LOS ANGELES — At three o’clock on a cold December morning, a team of researchers huddled together on scaffolding 25 feet high in Florence’s Palazzo Vecchio, holding a tablet computer up to a huge 16th century fresco.
But the researchers weren’t interested in the dramatic battle scene, the work of Renaissance artist Georgio Vasari.
Their goal was to solve one of art history’s greatest mysteries — whether Vasari preserved a long-lost work of Leonardo Da Vinci, “The Battle of Anghiari,” behind his own.
With the swipe of a finger, one used the tablet’s custom-built software to virtually peel away layers of pigment, plaster and brick, stripping the centuries-old wall to its bones. Drawing on decades of studies that shot energy through the wall at various wave lengths, it produced shadowy pictures of ancient fissures, bricked-over windows and a mysterious air pocket.
The research, described by team members and demonstrated in San Diego, is an attempt to use technology to accomplish something that has eluded art historians for centuries — determine the fate of the work.
Solving the mystery has been a 36-year obsession for lead researcher Maurizio Seracini, who runs UC San Diego’s Center of Interdisciplinary Science for Art, Architecture and Archaeology. The Florence native studied medicine and bioengineering before turning his technical expertise to art, and he has earned an international reputation for diagnosing ailments in the world’s great masterpieces.
But now, after decades of noninvasive study, Seracini’s team was using its high-tech tablets for a controversial purpose: to determine where to drill small holes through the Vasari fresco so tiny cameras could peer behind it.
Critics are accusing Seracini and his partners — the ambitious young mayor of Florence and a team at National Geographic, which is funding the quest in return for rights to a television documentary — of malpractice.
One government conservation expert monitoring the project resigned in protest. More than five hundred people — including leading art historians — signed a petition to halt the work. A local prosecutor opened a criminal investigation.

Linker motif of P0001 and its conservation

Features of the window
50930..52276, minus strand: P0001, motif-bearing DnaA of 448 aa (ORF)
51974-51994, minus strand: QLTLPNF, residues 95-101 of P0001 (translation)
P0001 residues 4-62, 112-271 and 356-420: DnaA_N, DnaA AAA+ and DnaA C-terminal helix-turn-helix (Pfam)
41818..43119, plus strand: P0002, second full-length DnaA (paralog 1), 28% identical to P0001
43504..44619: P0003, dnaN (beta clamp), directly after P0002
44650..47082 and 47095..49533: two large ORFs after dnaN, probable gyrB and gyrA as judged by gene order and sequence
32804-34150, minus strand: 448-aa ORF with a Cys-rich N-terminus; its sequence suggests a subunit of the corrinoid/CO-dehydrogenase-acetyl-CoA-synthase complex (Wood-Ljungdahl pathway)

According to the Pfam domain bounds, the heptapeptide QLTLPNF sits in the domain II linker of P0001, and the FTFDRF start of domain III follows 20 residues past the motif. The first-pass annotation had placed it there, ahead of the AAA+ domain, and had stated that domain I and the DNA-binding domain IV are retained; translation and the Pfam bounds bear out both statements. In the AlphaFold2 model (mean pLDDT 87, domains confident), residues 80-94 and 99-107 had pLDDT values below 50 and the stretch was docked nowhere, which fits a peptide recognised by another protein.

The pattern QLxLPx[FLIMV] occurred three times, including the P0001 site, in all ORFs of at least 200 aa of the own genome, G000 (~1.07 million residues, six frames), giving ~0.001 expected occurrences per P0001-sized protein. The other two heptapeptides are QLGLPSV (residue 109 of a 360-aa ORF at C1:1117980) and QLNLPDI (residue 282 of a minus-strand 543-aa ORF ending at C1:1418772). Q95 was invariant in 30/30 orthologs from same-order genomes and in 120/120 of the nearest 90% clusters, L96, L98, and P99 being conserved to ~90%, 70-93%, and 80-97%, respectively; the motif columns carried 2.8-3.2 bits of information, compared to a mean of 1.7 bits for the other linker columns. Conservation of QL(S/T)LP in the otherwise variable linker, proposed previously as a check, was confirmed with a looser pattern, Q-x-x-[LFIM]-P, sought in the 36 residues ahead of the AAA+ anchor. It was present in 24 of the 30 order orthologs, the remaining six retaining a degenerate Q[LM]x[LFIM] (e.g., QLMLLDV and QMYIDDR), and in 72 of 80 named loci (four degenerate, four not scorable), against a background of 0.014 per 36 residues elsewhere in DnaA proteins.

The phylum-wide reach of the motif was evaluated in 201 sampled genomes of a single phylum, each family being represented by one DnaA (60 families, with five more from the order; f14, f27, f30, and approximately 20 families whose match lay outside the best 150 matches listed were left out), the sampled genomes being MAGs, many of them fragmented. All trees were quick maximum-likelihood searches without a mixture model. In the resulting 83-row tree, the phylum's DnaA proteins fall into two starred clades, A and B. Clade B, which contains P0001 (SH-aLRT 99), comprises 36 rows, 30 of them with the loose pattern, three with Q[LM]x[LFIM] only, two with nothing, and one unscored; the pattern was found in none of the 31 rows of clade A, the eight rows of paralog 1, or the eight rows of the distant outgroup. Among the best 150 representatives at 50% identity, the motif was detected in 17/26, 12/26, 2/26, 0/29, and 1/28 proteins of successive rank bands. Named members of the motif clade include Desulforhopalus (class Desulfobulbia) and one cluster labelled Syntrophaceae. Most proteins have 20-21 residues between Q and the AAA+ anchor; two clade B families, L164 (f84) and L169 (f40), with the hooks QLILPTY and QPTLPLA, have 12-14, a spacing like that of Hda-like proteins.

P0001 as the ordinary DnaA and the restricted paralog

At its core, the controversy represents a clash of cultures: Seracini’s team of risk-taking techies intent on finding a lost masterpiece versus the starchy world of elite art historians determined to protect the known one. Seracini’s critics cast him as a modern Don Quixote on a sensationalistic quest. It doesn’t help that he is portrayed as himself, the art diagnostician in Dan Brown’s “The Da Vinci Code,” the bestselling novel scowled at by art historians for fueling an ill-informed obsession for all things Leonardo.
“It’s absurd to think that Vasari enclosed the Leonardo behind the wall,” said Tomaso Montanari, an art history professor at the University of Naples and the author of the petition. “It’s a little childish, like a Dan Brown conspiracy.”
Montanari and other opponents have denounced the project as being driven by marketing and politics. The evidence fueling Seracini’s search is circumstantial at best, they say, cobbled together from vague historical accounts and tantalizing but inconclusive scientific findings.
“Why should we be so impatient?” said Patricia Rubin, a leading Renaissance scholar who directs NYU’s Institute of Fine Art. “We’ve been waiting 500 years; why not wait another generation until we can actually do it with a noninvasive technique?”